Pantry Basics: Cooking Oils

We at The Bachelor’s Kitchen maintain that any well stocked kitchen should have three kinds of salt, three kinds of vinegar and three kinds of cooking oil. And now we’re going to look at those oil choices.

First of all, cooking oil is usually some kind of plant-based fat. These came on the cooking scene about 100 years ago. Before that, people used mostly lard.

Lard really does have some good uses, especially for very high heat cooking. For example, you simply cannot make the classic British dish called Bubble And Squeak with anything other than lard. Many bakers prefer lard as the shortening in pie crusts and other kinds of dough. Its problems are: 1) it cannot be used by people with dietary restrictions against the use of pork, like halal or kashrut; 2) it is high in saturated fat which has been linked to health problems like heart disease; and 3) it’s rendered (cooked) pork fat! But on the good side, it’s a good substitute for butter, it can be used at temperatures up to 420° F, and it has a mouth-feel that vegetable fats do not have.

The go-to all-purpose oil for cooking should be something that doesn’t have a lot of flavor of its own and can withstand high heats without burning or smoking. That means vegetable oil, corn, canola or peanut oil. Vegetable oil can be a mixture of different oils or from some lesser known source such as rapeseed. The most common blends are made of palm, corn, soybean or sunflower oils. Other vegetable oils include olive oil, palm oil, soybean oil, canola oil, pumpkin seed oil, corn oil, sunflower oil, safflower oil, peanut oil, grape seed oil, sesame oil, argan oil and rice bran oil.

Some of these oils have raised concerns in recent years because they contain trans fats. Trans fats are especially prevalent in whipped or hydrogenated oil. That process makes fat softer and/or able to stand at room temperatures. But they cause free radicals in the bloodstream which can lead to the creation of blockages in small arteries, such as those feeding the heart.

Our regular oil for cooking is soybean oil. It can handle fairly high temperatures and has very little taste of its own. Also, it is readily available and affordable. I don’t like corn oil because of the flavor and the fact that we eat too much corn in too many things already.

Our second oil, one every home should have, is extra virgin olive oil. This designation, compared to other types of olive oil, does not refer to the olive’s sexual history, but to whether it is from the first pressing of the olives. Olives are pressed much the same way grapes are. The first pressing yields the best oil with the best taste. Extra virgin olive oil has a very distinct flavor that is ideal for infused oils (really good with crusty Italian bread) and salad dressings. However, this is not an oil to use for frying or sautéing because it begins to smoke at temperatures as low as 300° F. Often this oil is used in place of butter in recipes.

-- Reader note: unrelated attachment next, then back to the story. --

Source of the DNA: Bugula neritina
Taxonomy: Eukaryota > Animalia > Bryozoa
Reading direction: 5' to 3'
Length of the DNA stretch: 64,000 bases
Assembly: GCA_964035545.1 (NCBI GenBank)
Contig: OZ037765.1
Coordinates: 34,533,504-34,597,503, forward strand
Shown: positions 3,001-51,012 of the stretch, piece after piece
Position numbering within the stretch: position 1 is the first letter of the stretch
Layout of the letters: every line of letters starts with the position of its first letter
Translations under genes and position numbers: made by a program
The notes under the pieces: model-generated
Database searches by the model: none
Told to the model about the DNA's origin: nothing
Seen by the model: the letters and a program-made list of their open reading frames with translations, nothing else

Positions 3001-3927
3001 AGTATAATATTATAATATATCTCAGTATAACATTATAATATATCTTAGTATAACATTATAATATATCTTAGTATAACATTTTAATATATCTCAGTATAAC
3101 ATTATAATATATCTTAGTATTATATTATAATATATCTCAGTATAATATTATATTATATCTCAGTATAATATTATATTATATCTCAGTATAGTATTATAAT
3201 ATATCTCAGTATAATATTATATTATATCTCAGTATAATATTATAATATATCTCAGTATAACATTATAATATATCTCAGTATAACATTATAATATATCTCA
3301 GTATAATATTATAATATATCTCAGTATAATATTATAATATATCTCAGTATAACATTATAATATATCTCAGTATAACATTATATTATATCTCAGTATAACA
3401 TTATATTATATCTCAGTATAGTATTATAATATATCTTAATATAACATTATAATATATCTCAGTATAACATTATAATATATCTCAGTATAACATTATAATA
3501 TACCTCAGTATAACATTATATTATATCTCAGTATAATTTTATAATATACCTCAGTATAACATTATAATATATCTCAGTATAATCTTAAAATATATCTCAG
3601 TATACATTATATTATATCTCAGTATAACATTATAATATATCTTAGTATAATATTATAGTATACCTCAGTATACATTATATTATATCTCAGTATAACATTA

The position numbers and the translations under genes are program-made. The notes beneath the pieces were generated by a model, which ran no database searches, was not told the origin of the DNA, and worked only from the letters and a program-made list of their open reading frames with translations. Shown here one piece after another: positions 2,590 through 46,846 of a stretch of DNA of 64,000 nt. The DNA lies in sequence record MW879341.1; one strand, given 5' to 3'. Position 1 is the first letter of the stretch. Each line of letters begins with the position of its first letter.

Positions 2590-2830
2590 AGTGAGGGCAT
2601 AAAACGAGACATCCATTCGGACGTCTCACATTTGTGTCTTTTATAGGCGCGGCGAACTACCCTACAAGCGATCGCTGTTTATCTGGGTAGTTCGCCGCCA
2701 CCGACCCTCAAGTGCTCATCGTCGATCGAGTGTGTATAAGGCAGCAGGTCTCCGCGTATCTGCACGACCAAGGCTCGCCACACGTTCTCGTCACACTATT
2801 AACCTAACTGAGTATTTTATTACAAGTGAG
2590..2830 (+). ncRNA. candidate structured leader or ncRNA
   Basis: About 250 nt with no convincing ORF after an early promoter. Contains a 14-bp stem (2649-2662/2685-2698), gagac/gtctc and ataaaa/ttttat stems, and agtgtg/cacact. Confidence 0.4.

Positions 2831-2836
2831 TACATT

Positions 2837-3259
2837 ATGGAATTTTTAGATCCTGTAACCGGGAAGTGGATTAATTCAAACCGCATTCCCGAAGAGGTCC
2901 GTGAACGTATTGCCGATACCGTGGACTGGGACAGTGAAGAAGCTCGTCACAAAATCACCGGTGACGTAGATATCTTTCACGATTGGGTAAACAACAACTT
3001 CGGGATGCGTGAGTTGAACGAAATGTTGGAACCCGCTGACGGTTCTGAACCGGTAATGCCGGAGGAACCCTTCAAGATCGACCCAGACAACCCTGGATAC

Your third cooking oil is going to depend a lot on the kind of food you like to make. If you do a lot of baking, you might choose vegetable shortening rather than an oil.

Some kitchens have a fourth oil. We like popcorn, so we keep on-hand a butter flavored oil just for that.

Oils well sealed can be stored in a cool, dark place, like a cabinet, for many months, but not indefinitely. Like all fats, it will go rancid over time and if allowed to be exposed to air for more than just a few minutes. If it’s an oil you don’t use very often, or you use only in very small amounts, like my toasted sesame oil, it should be stored in the refrigerator. You will have to remember to take it out a couple hours before you need it so it can come up to room temperature.

We’re Back from Winter Vacation


Apparently, we were totally unprepared for this topsy-turvy weather we had during the Winter. More time was spent staring out the window than writing or cooking combined. That is not a good thing for The Bachelor’s Kitchen.

But now, the Sun is shining more often than not. The temperatures are nearly warm enough to turn on the air conditioning. And, most importantly of all, the flowers outside our kitchen are blooming. We are looking forward to even more cooking, learning about food and having some fun.

And remember you can always use the Contact Us page link to send us a note or an idea or a question. We also welcome comments on each post. Like most shake-down cruises, it is likely we will stumble or get busy or something else. That is just the way life goes sometimes. I thank you, blog readers, for your support and patience.

The easiest way to keep up with developments at The Bachelor’s Kitchen is to subscribe to our Daily Email Update, Hot Stuff.

It’s Boxing Day!